The minimalist teaser trailer for filmmaker Christopher Nolan’s newest film, the World War II epic Dunkirk, dropped in August and offered only few glimpses at the gray, wet war drama the director behind The Dark Knight and Interstellar had lined up.

On Wednesday, the full trailer was released. It’s a jarring yet beautiful portrayal of one of the most important unsung moments in early 20th century history, the Battle of Dunkirk, which took place on the beaches of Northern France, right across the English Channel from the United Kingdom.

When a huge group of mostly British soldiers were surrounded by an increasing number of Nazi forces, they were forced to escape via a small beach in the French seaside town of Dunkirk.

The ensemble cast features actors Mark Rylance, Kenneth Branagh, and even One Direction singer Harry Styles who all join Nolan regulars like Cillian Murphy and Tom Hardy to tell the story of the Battle of Dunkirk, the Allied retreat in Nazi-occupied France that took place in mid-1940.

The movie looks incredible (Nolan’s Interstellar cinematographer Hoyte Van Hoytema helped out on this movie too), but it’ll be fascinating to see what the cult of Christopher Nolan thinks about this one. Unlike most filmmakers, Nolan has a huge fanbase that has examined his every move since his Batman trilogy redefined the comic book movie genre.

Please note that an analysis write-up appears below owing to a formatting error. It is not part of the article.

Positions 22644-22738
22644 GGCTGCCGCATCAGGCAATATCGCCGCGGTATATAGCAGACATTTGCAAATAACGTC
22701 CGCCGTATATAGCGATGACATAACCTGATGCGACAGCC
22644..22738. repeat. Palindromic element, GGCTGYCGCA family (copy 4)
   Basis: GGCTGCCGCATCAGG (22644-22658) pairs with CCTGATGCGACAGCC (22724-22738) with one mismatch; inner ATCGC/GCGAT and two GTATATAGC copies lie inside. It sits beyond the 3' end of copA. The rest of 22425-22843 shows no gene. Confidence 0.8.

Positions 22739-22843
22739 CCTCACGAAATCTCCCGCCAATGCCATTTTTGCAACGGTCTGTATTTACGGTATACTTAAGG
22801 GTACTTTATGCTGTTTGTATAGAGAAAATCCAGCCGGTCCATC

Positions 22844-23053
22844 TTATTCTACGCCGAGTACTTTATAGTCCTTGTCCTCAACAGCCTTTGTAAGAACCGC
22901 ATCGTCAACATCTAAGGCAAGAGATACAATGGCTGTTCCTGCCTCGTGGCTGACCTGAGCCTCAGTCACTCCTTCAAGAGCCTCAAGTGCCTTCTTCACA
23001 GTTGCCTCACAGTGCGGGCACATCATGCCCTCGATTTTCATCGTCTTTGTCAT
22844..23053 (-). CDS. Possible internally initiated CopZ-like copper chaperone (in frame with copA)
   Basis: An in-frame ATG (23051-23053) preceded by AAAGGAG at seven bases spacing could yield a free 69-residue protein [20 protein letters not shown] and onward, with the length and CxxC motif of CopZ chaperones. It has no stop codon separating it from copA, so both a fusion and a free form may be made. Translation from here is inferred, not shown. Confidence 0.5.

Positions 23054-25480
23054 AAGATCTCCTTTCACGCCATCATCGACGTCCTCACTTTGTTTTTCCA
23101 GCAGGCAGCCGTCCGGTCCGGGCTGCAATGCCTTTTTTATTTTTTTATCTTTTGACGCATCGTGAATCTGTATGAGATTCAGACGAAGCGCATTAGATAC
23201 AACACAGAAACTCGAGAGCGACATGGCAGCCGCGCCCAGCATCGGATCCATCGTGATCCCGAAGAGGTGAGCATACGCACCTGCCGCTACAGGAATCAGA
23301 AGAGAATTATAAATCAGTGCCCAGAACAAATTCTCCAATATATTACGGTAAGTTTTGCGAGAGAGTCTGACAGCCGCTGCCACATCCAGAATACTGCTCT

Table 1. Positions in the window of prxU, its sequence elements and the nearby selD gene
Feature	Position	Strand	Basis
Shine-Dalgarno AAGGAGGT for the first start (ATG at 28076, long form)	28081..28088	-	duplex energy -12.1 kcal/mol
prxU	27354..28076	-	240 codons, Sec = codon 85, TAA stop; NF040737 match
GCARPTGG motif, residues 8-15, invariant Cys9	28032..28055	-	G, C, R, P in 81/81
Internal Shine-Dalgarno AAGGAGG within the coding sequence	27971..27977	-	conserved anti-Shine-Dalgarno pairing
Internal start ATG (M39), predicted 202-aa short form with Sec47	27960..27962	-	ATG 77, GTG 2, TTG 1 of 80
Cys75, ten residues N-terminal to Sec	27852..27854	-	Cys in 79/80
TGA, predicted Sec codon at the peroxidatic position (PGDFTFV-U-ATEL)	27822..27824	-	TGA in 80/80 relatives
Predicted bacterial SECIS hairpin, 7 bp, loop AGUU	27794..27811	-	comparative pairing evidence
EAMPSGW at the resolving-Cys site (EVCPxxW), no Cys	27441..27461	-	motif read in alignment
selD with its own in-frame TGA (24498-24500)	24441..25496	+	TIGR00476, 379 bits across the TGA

Something tells us a grim WWII tale won’t make the same amount of bank as that of even a heist movie about people who steal ideas from dreams like Inception.

But Dunkirk looks to be Nolan’s Titanic. Like James Cameron, Nolan was previously known for big budget sci-fi spectacles, or elevating typically elementary material like a comic book movie into the realm of serious cinema. Every good auteur needs a war movie, or at least a big dramatic movie that recontextualizes real-world events, and Dunkirk is definitely going to be that for Nolan

The movie is scheduled to open in theaters on July 21, 2017.

Photos via YouTube

Sean is a Brooklyn-based writer with several degrees in English literature. When he’s not digging up culture stories for Inverse, he’s listening to Harry Nilsson and mining obscure movie facts for Mental Floss.

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